The biggest limiting factors with keywords is time and return on investment of that time. Stock Libraries add at a bare minimum 50 keywords to every image because they want their clients to find the right picture. So they will keyword things like concepts (happiness, family, traditional), colours, shapes. You name it, they’ll keyword for it. Or rather, the photographers who submit the images will keyword for it. It really is a time-consuming and boring process. You have to put in multiple spellings of words (for our North American friends who like taking the U out of words!) Add in plurals, latin names of plants and animals, synonyms - any keyword that you think will help clients find your picture. When keywords are the only way you can find a picture this is a necessary evil, but obviously far beyond what an individual photographer would ever need and this is where an alternative way of organising images is needed, one that is quick and easy, visual and virtual.

Get Sets

Software manufactures that promote "helping you find your pictures” is a pretty low bar to set. Lots of software packages can help you find your images, assuming you have keyworded every single one of your pictures that you have ever taken. Just type ‘elephant’ into the search box and voila, all your elephant photos will pop up on the screen. But what can you do with your pictures once you manage to find them? That’s where the rubber hits the road for a good catalogue.

Keywords are often heralded as the be all and end all of finding and organising our photos, and they can be very helpful but are far from the only, or often even the best way of organising your pictures. Instead of relying solely on keywords, temporary collections of images is often a far more useful tool. Take for example when you want to gather an editorial collection for a magazine that spans several countries - you don’t need keywords here, you just need to define a set of images for that particular purpose.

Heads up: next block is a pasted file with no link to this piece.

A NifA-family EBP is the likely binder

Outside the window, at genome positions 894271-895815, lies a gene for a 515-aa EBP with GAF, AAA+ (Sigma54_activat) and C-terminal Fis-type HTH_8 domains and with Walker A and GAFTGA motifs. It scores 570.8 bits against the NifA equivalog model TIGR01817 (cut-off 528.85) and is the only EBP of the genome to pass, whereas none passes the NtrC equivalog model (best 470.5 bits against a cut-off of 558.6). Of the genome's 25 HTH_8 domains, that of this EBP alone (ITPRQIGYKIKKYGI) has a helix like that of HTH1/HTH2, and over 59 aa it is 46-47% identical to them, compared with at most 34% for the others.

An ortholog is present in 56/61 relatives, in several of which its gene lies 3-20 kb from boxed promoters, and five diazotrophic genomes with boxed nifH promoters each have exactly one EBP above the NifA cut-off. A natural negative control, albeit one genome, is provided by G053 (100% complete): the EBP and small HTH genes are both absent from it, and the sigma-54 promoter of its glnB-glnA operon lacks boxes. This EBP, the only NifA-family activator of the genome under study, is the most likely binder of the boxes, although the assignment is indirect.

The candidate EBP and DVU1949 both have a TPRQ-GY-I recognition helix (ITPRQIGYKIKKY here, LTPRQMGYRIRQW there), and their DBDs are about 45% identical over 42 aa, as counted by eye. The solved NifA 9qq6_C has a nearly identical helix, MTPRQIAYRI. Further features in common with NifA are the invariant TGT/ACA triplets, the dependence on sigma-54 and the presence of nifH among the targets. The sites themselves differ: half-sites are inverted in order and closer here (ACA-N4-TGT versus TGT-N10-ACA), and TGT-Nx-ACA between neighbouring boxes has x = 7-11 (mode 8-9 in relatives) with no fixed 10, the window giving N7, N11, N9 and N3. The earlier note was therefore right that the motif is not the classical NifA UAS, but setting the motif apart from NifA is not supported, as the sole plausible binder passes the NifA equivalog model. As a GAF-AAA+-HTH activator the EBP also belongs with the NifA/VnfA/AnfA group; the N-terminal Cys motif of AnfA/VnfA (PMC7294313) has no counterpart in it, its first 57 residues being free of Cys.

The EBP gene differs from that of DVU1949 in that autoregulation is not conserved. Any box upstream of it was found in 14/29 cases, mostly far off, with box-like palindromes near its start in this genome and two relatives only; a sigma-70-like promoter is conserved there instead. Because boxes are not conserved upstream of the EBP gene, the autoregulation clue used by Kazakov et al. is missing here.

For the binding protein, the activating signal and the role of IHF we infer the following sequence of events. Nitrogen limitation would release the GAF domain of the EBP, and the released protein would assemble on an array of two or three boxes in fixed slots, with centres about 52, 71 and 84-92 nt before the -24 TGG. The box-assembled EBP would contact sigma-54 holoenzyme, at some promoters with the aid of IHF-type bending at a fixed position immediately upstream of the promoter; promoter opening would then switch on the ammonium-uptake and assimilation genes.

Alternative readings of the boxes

Capture One does this using Catalog Sets, while Lightroom implements Collections. Whatever the name, they are the same thing. Virtual groupings that only live within the catalogue software, into which you can quickly drag and drop from one to a million photographs in the blink of an eye. If your software has the capability you can have what are called nested sets, or sets within sets. One picture can live in as many sets as you like, just drag and drop, but because it is all virtual it means that nothing changes with the original image, which is nestled safely on your hard drive. You haven’t duplicated it, or moved it, it doesn’t physically exist in multiple folders, yet virtually it can exist in a hundred different groupings.

Next I want to lead you through an example of how I make use of virtual groupings in preference to metadata and keywords.

My Catalogue Workflow

I spend time every year in my wife’s home town of Sapporo, Japan. So over many years I have accumulated tens of thousands of images of this part of the world. Let’s say I take a photo of a group of young Japanese girls in kimonos at a summer festival known as Sapporo Matsuri. When I import the pictures into my desktop computer I will enter basic metadata, in this case location data of Sapporo, Hokkaido, Japan. That’s all.

Where the images live on my hard drive is basically irrelevant but for convenience sake I label my Raw file folders with sequential numbers which makes it easier to check that my backups are all up to date. So, boring as it may be, my folders are named Raw_001, Raw_002 etc. Within those folders might be subfolders with slightly more information about where the pictures were taken, something along the lines of Sapporo Holiday 2020. My files are named with my surname, the date taken, and a unique identifying number, all of which my software does for me in a Batch Rename. So a photo name might look something like Dymond_200323_1234.cr2. So no specific information about the image in either its file name, or the folder name where it lives. All that information lives either within the metadata of the picture, or virtually within my catalogue software.